Things are going fairly well at work – not perfectly, mind you, but at least I think I’ve found a job where I add a large amount of value via my natural abilities vs trying to be something I’m not. At this point I plan to stay in this opportunity at least until I have a kid and then I’ll figure out what’s next. That’s at least a year from now if not more. It’s a great place to be as I’m learning a lot and gaining the skills I need to move into more senior roles going forward. I’ve learned over my career that you can’t get caught up in the small things but instead must focus on the bigger picture of helping your company and specific contributions which you can talk about in your next job interview. I know there are gaps in my experience so while I focus on adding value in the areas where I am strongest I also try to improve in the areas where I know I’m weak. It’s a challenging process but in the long run it will only help as I eventually look towards what’s next in my career.

I still don’t know how it’s all going to work when I have children. Plenty of mothers¬†work because they have to or because they want to – or both – and they do just fine. I think of my schedule right now and how absolutely exhausted I am from the standard office job and question how I’d ever be able to do this and be a mother. I come home after work and basically go to sleep immediately, or lounge in bed braindead until I pass out a few hours later. I certainly don’t have the energy to come home and take care of children.

That means if I want kids I can’t just pretend like this whole working mother thing is going to work out, at least in an office job scenario with a long commute. Even without a commute being in an office 8 hours a day drains me. If I had a job where I could be in different locations and work remotely I’d feel much better. Long term, I think that’s what I need to find. So I’m trying to build up the skill set and personal brand to be able to have that freedom later on. I have no idea if it will work out, but I’m going to try and hopefully somehow things will just happen and be ok.

I know the next 10 years ago going to go by in the blink of an eye. I’ll be writing very soon “holy crap I’m about to turn 43.” Where does the time go? I don’t know what I’m going to be like 10 years from now… you know, either a married women with no children and a hot, high-stress career — or married with three kids in tow, all under the age of 10, all who I love dearly yet who drive me batty at the same time. Who knows. It just has to happen. Life, that is. We can change a lot of things and we can control so much of our destiny but we can’t stop time. Every blog post I write I notice my hands are aging just a little bit more – the wrinkles in my¬†knuckles more pronounced, the skin thinner and colder, showing through to blue veins which are getting ready to make an even grander appearance in the coming years.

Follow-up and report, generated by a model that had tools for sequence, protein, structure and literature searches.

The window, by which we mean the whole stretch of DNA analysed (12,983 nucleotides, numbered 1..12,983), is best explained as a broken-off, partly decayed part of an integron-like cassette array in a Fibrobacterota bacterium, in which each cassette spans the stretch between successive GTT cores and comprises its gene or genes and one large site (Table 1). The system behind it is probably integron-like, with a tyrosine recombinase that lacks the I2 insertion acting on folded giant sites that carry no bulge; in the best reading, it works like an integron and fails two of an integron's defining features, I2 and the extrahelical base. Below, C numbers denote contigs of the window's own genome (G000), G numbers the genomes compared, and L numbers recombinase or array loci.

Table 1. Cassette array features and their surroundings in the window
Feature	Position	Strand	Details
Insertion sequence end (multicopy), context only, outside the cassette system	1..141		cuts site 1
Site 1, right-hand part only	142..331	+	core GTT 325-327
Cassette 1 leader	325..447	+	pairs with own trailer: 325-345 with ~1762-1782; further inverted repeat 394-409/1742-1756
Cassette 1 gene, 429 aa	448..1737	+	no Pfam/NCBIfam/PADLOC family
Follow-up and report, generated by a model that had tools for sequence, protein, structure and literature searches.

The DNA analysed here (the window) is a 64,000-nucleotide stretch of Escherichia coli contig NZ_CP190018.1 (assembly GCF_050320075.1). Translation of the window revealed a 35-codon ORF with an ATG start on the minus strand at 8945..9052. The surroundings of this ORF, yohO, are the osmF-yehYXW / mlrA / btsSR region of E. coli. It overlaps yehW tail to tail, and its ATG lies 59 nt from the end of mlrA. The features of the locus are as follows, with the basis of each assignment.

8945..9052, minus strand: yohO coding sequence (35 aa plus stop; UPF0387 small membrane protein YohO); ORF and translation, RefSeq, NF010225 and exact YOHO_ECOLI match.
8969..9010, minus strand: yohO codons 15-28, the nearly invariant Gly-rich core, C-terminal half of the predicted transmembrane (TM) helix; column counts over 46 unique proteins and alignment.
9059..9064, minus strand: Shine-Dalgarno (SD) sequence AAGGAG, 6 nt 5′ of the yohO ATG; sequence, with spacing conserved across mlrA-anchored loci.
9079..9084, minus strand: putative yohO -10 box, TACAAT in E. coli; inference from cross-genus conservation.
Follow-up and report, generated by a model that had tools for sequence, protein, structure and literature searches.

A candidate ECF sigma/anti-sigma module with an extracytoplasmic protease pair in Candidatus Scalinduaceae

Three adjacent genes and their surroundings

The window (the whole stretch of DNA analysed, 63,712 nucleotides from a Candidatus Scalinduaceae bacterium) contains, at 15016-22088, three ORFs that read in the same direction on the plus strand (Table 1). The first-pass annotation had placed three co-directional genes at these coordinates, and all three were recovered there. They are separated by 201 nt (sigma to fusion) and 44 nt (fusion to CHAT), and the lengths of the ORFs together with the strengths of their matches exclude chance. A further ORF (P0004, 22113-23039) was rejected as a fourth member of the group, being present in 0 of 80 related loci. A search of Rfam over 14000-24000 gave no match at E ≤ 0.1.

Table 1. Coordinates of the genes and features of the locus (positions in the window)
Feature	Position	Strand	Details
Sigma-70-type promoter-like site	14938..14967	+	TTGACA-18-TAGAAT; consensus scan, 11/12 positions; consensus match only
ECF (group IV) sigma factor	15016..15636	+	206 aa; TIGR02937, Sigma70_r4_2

For now – I’m trying to just feel – happy. It’s hard for me. It’s a foreign feeling. It’s as if I’ve been trained to not allow myself to feel joy because it’s a naive emotion. It is better to be sad or anxious or appreciative but never joyful. Never happy. I want so badly to allow myself at least a few moments of happiness amidst¬†my upcoming wedding celebrations. I want to pause and reflect on the last 10 years of my life which led me to my husband-to-be, and how despite the ups and downs we made it work, and I love him more today than I ever have before. I want to be happy because for so long I was alone and thought I’d forever be alone and I have this one person who will no matter what be by my side to give me a hug and tell me everything is going to be ok. Now I know what people mean when they say they’re marrying their best friend. I need to allow myself to have joy, despite all the stress, all the frustration over the high cost of weddings, the failure to have perfect etiquette, the complaining relatives, the misspelling on invites, the transportation logistics and music playlist and food selections and dress that may or may not fit and inability to find comfortable attractive shoes. I hope more than anything on my wedding day I can allow myself to feel truly happy. Maybe just for a moment. But I need that. And, after all 32 years of my life, I think I deserve it.